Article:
HONG KONG: Alibaba Group is cutting over a third of staff in its in-house deals team, four people with knowledge of the matter said, after Beijing's sweeping regulatory crackdown sharply slowed the Chinese e-commerce behemoth's dealmaking pace.
Alibaba plans to reduce its strategic investment team of more than 110 people, mainly based in mainland China, to about 70, said two of the people, adding the company has already informed a bulk of staffers of their redundancy.
The job cuts mainly involve mid-level and senior people in the mainland, said the two people, declining to be named as they were not authorised to speak to the media. The company's deals team also has staff in Hong Kong, they added.
Alibaba did not immediately respond to a request for comment.
Alibaba and its main rival Tencent planned to cut tens of thousands of jobs combined this year in one of their biggest layoff rounds as the crackdown and China's COVID-19 curbs stifled growth, Reuters reported in March.
TikTok owner ByteDance also shrunk its investment team and was dissolving a sub-group focused on financial returns in response to regulatory crackdowns in China, sources familiar with the matter told Reuters in January.
Chinese regulators launched an unprecedented campaign in late 2020 to rein in the country's technology giants after years of laissez-faire approach that drove growth and dealmaking at breakneck speed.
On Sunday, China's market regulator imposed the latest fines on Alibaba and Tencent as well as a range of other firms for failing to comply with anti-monopoly rules on the disclosure of transactions.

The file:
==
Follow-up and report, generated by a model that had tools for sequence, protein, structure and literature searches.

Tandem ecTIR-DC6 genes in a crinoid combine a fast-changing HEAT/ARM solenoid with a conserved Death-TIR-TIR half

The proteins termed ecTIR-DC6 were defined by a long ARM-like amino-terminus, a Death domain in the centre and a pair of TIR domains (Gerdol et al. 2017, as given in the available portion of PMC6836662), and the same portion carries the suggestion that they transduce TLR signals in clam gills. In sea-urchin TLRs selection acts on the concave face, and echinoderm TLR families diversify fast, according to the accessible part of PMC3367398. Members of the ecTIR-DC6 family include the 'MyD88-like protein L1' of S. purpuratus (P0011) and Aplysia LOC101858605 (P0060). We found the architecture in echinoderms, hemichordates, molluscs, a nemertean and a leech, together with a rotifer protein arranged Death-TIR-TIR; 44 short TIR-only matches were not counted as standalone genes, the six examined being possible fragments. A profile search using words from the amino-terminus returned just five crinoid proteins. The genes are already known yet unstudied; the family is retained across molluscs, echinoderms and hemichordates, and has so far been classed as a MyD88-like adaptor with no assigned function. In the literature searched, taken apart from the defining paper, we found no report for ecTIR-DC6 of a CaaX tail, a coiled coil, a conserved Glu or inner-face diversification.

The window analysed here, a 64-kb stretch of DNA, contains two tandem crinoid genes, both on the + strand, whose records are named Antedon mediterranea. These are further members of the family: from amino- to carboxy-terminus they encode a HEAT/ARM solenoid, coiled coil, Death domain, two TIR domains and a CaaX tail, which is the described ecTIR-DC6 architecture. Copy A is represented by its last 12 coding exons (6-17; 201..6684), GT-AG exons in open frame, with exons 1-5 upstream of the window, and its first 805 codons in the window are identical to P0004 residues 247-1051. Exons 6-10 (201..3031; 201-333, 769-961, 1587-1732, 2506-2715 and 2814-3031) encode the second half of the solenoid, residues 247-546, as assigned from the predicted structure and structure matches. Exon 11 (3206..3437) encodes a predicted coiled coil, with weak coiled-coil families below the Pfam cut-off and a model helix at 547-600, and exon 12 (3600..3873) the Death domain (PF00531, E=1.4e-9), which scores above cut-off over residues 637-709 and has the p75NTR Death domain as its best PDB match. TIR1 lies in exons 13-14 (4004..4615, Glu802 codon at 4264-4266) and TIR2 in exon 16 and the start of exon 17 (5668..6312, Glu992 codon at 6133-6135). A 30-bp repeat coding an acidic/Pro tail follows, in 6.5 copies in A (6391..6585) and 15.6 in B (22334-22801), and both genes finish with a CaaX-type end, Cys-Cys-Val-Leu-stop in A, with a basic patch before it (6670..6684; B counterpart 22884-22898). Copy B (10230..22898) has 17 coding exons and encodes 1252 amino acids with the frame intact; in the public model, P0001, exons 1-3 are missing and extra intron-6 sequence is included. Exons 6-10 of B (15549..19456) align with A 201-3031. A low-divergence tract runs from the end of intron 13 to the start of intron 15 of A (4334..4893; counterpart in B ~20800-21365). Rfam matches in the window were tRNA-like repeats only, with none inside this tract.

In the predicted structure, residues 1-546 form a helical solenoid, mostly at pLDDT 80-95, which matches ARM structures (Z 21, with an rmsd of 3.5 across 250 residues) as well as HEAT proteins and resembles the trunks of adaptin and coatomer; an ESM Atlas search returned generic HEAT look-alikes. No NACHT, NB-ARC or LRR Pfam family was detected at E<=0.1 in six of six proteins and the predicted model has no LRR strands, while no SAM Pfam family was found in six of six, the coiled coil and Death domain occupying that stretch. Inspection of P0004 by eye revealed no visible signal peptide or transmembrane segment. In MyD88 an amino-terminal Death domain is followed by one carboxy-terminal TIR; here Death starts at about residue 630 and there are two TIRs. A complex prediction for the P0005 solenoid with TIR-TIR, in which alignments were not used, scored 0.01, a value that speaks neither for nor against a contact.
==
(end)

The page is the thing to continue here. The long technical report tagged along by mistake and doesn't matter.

The regulatory crackdown, coupled with a slowing economy, has sharply slowed sales growth for most of the internet companies, smashed their share prices, and made new capital raising and business expansion much tougher.
That, in turn, has forced companies such as Alibaba and Tencent to look for ways to cut operating costs.
Chinese billionaire Jack Ma's Alibaba was one of China's most active corporate investors, having built an ecosystem of portfolio companies across sectors including retail, local services and media and entertainment.
Alibaba has attracted talents from major Wall Street banks and private equity funds, including veteran Goldman Sachs dealmaker Michael Evans, over the years to strengthen its in-house dealmaking capabilities.
In 2016 when Chinese firms were actively snapping up assets globally, Alibaba's internal investment team grew to about 150 people, three times larger than that of Tencent, in a bid to sustain its global dealmaking drive, Reuters has reported.
From 2015 to 2021, Alibaba on average made about 44 investments every year, peaking in 2018 with 70 deals totalling US$54 billion, according to Dealogic. Even during the 2021 regulatory crackdown, it cut 38 deals totalling US$6.2 billion. This year so far, however, Alibaba has made just nine investments worth US$5.2 billion.
The company started laying off employees from its other business units in February and could ultimately axe more than 15 per cent of its total workforce, or about 39,000 staff, Reuters reported in March.